Guns down

Recent spike in gun violence draws need for new gun control measures


MDGovpics/CC BY 2.0

Thousands gather outside of Annapolis, Maryland to show their support for new gun control laws.

Ashley Imhoff, Features Editor

If America could be described as one song right now, it would be Pumped Up Kicks by Foster the People. This catchy pop tune’s lively portrayal analyzes the behavior of Robert, a boy on his way to high school handling a gun he found in his father’s closet with the intent of harming his classmates. The song was inspired to raise gun violence awareness by lyrically recapturing April 20, 1999, the Columbine massacre, the initiation of modern-day mass shootings. In recent months, gun violence and mass shootings in America have increased, while the obligation to address the matter has not reached where it needs to be. 

On March 16, a series of mass shootings happened at three spas located in Atlanta, Georgia. Eight people died, six being Asian women, and one person was wounded. The suspect, 21-year-old Robert Aaron Long, who used an automatic weapon, was taken into custody later that day. These shootings are currently being investigated. 

A week later on March 22, a mass shooting occurred at a King Soopers supermarket in Boulder, Colorado. Ten people were killed, including a local on-duty police officer. The alleged shooter, 21-year-old Ahmad Al Aliwi Al-Issa, was arrested after being shot in the right leg by police. He was then taken into custody and charged with first-degree murder. 

On April 15, a FedEx Ground facility in Indianapolis, Indiana was targeted by 19-year-old former employee Brandon Scott Hole, who shot and killed nine people and injured seven. 

Each breaking news alert covering these tragedies floods the nation with grief and anger over this preventable violence. Anger brewing from the fact that the United States is not the only country with mental illness, domestic violence or poverty, yet our gun homicide rate is 25 times higher than other high-income countries. The difference is easy to access guns. 

In the United States, gun ownership is a given right as stated in the second amendment of the U.S constitution. A well-regulated Militia, being necessary to the security of a free State, the right of the people to keep and bear Arms, shall not be infringed. The amendment has been up for debate whether the founding fathers meant “right of the people to keep and bear arms” as a militia or individually.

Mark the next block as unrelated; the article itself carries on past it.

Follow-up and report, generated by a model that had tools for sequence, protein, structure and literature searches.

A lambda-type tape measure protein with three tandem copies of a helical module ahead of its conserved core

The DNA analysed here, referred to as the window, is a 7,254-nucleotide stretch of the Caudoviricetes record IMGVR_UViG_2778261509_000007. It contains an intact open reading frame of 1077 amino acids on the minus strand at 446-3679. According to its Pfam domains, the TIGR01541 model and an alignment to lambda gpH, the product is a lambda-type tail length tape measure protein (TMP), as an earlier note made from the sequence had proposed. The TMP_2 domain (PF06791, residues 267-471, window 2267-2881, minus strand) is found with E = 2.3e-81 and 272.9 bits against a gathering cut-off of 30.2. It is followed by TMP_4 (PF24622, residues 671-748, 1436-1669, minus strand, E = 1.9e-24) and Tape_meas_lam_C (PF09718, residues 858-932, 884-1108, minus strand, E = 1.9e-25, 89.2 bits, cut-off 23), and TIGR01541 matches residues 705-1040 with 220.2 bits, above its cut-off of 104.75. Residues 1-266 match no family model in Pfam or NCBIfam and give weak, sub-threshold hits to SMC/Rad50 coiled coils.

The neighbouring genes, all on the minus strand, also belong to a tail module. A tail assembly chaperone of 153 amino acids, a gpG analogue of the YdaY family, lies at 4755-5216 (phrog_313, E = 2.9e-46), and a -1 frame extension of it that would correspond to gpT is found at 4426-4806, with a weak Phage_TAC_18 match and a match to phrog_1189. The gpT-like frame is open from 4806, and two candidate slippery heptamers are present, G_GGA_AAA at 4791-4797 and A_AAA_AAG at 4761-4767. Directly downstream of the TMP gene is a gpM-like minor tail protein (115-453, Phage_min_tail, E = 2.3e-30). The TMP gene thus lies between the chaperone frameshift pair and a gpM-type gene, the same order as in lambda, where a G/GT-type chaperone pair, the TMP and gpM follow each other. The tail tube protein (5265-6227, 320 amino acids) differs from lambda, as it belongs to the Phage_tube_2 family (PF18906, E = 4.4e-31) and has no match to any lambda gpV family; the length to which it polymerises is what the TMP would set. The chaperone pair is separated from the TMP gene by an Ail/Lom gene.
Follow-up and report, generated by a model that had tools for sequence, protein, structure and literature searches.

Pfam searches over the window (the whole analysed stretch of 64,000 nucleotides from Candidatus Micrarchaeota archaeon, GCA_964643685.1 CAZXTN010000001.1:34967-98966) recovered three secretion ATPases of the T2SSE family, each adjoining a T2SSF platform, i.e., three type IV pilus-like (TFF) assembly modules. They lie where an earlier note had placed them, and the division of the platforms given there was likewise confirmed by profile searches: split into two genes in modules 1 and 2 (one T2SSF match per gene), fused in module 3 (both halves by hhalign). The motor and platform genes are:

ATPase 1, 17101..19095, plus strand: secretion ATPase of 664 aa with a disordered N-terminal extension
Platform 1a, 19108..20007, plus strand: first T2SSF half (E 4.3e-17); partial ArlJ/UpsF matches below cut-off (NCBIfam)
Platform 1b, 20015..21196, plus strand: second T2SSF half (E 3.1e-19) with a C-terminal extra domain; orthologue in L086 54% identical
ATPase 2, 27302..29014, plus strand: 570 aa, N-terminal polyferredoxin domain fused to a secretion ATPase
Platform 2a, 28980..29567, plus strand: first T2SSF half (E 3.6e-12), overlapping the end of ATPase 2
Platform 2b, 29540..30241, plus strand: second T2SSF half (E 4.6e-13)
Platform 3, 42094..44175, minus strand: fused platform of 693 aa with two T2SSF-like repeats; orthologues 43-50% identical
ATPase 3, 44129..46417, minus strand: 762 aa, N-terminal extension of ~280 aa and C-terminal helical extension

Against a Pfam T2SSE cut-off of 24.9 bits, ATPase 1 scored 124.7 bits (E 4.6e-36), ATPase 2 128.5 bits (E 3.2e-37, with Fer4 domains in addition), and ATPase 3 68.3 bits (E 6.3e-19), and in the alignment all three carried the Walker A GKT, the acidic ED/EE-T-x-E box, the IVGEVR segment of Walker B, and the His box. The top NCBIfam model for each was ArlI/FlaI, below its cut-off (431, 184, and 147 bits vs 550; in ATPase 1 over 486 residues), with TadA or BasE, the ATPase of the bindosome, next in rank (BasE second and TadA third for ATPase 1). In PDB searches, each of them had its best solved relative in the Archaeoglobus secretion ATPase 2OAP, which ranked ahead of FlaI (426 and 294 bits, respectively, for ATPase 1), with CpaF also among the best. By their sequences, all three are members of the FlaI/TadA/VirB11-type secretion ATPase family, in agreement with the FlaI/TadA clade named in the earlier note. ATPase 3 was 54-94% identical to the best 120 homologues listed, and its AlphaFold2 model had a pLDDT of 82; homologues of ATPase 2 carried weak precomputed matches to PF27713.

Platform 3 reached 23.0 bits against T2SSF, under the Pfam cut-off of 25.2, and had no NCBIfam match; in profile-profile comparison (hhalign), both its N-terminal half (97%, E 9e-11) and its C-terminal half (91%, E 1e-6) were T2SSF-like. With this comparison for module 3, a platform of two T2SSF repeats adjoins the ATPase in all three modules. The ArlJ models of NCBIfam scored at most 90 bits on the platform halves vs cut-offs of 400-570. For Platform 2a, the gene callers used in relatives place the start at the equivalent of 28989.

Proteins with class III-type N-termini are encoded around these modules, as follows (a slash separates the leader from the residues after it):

There are only nine regulations prohibiting a person from obtaining a gun in the United States, according to the Bureau of Alcohol, Tobacco and Firearms (ATF). These rules restrict the person based on their citizenship or criminal background, yet there are no restrictions on the types of firearms. The inconsistency here is that all guns are marketed the same despite their levels of intensity or power capability. 26% of the last 80 mass shootings in America involved an assault rifle. Assault weapons are still permitted in all states excluding California, Connecticut, Hawaii, Maryland, Massachusetts, New Jersey and New York. 

To try and increase the number of states prohibiting these firearms, President Joe Biden has been pushing for new gun control laws since 2012. After former President Barack Obama was reelected in 2012, one of his primary focuses was gun control. Obama appointed his Vice President, now President Biden, to take the lead on that task force, pushing for gun control reforms.

On March 23, the day after the Boulder, Colorado shooting, Biden called for a ban on assault rifles. A quick response to these urgent concerns gives the American public trust that ending gun violence is something Biden will commit to fighting and controlling throughout his presidency. Having gun control prioritized on an agenda is a refreshing reset for the country as it has gone disregarded for far too long. 

Nearly a month later, Biden reiterated ending the gun violence epidemic during his April 28 address to a joint session of Congress. He introduced a nationwide ban on assault weapons while exclaiming he will not and can not restrict all guns.

“In the 1990s, we passed universal background checks and a ban on assault weapons and high capacity magazines that hold 100 rounds that can be fired in seconds. Mass shootings and gun violence declined. But in the early 2000s, that law expired and we’ve seen the daily bloodshed since. We need a ban on assault weapons and high-capacity magazines again. Don’t tell me it can’t be done. We’ve done it before and it worked,” Biden said during his address. 

Politicians and citizens alike need to commit to constructively talking about guns to ensure change happens in legislation. This means acknowledging the gun violence in the United States and developing a plan to hinder it, especially when it can be prevented. No matter Democrat or Republican, everyone can agree with preserving the safety of life.